Wizards’ Al Harrington serving as “assistant coach” until he returns

Washington Wizards forward Al Harrington (7) passes the ball against Brooklyn Nets center Andray Blatche (0) during the second half of an NBA basketball game, Friday, Nov. 8, 2013, in Washington. The Wizards won 112-108 in overtime. (AP Photo/Nick Wass) I’ll be back when I can. (AP Photo/Nick Wass)

After a season in which he played a career-low 10 games and was benched for the final few months, Al Harrington was hoping to get back in time to face the Orlando Magic last Monday. But his troublesome right knee continues to hold him back and he was forced to watch, again, as the Wizards won, 98-80.

“That was God getting me back, because I was licking my chops trying to get to that game,” Harrington said, grinning. “I feel like I had some unfinished business there. It was tough, but it was cool. Happy that my guys won and the growth that we’ve been showing over the past two weeks has been amazing and hopefully just keep it going.”

Harrington will miss his 12th consecutive game with a sore right knee when the Wizards (9-9) host the Milwaukee Bucks on Friday at Verizon Center but he’s done more than simply run on the treadmill and get treatment while sidelined.

The 15-year-veteran was one of the leaders of the players-only meeting that helped turn around the season and he had the entire team at his mother’s house in Indianapolis for Thanksgiving. Harrington is also making contributions from the bench, offering encouragement to his teammates and passing along tips based on what he recognizes from his front row seat. He’ll pull aside Eric Maynor to remind him to be aggressive and tell Nene or John Wall how defenses are playing them.

“I’m an assistant coach. You didn’t know that? I’ve been coaching my [butt] off,” Harrington said with a laugh. “I’ve already talked to Ernie about getting another check possibly. We in negotiations for that right now. So, I’m coach Harrington and the player. Like back in the day, remember the guy would be the head coach and the player? I’m trying to bring it back.”

Harrington continued to chuckle, but he remains uncertain about when he’ll get back on the court. “I’m in the middle of a process right now. I don’t exactly how I feel yet. I got to get a chance to get out there and test it. Hopefully, one day this week or maybe next week, I’ll get out there and see what’s going on,” Harrington said. “Being that I’m a veteran coach says, whenever I’m ready, I can go. So it’s not like I have to get five practices in before he’ll let me get back on the court. It’s just a thing, when I feel comfortable and strong enough. Because I don’t want to keep playing, sitting, playing and sitting. I want to figure this thing out, so I can go full steam ahead into the season.”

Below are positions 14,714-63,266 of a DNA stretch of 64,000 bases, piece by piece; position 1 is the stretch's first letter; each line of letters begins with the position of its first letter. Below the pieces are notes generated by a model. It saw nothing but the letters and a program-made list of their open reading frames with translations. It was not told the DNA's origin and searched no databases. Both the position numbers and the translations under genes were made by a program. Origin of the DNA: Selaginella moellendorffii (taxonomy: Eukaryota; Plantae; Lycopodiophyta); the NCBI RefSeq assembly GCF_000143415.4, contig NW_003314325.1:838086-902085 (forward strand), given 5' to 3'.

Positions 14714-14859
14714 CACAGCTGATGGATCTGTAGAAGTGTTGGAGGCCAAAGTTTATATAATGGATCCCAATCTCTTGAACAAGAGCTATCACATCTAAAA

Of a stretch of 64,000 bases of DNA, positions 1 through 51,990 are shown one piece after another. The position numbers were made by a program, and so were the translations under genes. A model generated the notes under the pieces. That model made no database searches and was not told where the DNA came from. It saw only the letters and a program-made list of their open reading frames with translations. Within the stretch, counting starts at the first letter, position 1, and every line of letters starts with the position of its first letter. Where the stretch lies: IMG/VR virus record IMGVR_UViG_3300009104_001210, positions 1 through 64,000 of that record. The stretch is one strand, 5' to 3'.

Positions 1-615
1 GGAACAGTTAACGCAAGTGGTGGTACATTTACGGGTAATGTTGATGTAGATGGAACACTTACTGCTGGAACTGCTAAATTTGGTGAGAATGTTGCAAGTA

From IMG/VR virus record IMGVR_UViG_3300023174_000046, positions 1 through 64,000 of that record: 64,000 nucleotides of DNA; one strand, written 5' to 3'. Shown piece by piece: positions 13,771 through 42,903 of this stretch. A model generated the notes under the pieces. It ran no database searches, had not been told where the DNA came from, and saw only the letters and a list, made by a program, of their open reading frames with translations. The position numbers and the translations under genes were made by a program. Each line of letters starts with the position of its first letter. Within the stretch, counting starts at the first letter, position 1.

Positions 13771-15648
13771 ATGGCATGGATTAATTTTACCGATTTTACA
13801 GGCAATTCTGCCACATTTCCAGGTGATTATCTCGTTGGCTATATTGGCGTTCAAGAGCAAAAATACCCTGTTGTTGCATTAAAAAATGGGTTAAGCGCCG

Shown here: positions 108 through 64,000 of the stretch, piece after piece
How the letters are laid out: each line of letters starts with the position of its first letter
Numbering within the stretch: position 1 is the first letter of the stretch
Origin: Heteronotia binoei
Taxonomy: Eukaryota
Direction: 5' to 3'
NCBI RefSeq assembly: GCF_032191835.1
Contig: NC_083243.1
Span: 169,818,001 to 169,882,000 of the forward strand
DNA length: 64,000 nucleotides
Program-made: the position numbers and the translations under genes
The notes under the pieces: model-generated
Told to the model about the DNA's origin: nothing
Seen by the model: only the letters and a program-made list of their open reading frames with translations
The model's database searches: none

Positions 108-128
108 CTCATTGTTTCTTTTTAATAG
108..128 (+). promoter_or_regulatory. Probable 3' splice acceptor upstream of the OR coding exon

The Wizards bench has struggled to find its footing – and that was even with Harrington adding his 7.9 points per game – but until he is ready, Harrington will continue to be the assistant coach in full uniform. The experience of sitting out and passing on knowledge has forced him to consider it as an option after the 33-year-old eventually retires.

“For me, it’s been a blessing,” Harrington said. “I want to stay in basketball when I’m done playing, so this may be a cool little segue to see if I got it. I always said I never wanted to coach, but these last couple of weeks, just in helping guys out, I feel like I might could be a coach. But right now, I’m a player. I’m focusing on playing. I hope to get out there soon.”

Coach Randy Wittman is encouraged by the progress of Otto Porter Jr. and said he would be a “game-time” decision against the Bucks. “He had another good day,” Wittman said of Porter. “It’s a process each day, seeing how he gets through the physical things that he’s doing.”

Harrington has gotten to know Porter over the past few weeks since the rookie has been his chauffeur to the airport for road games. Harrington joked that he controls the heat, but Porter handles the radio. “He has no music. It’s horrible.”

But Harrington is excited about what Porter will be able to add to the team. “He’s looking solid. He knows how to play the game. Obviously, we can’t expect him to come in and be a savior or anything like that. But I think the things he can add defensively, the way he shoots the basketball and just his basketball IQ will help the team. And at this point, we need all the help we can get. Because we can’t expect John [Wall] and Bradley [Beal] and all these guys to play 40 [minutes a game] and expect to not only make the playoffs but actually do something when we’re there, because we’re going to burn them out. We need everybody healthy and everybody contributing.

“I talk to him a lot,” he said. “I tell him, it’s going to be a tough process for him. The game is moving a thousand miles an hour and he’s going to find a way, find a groove and find his niche. With this team, the way we play, I think he’ll be fine.”

Michael Lee is the national basketball writer for The Washington Post.



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Michael Lee · December 5, 2013

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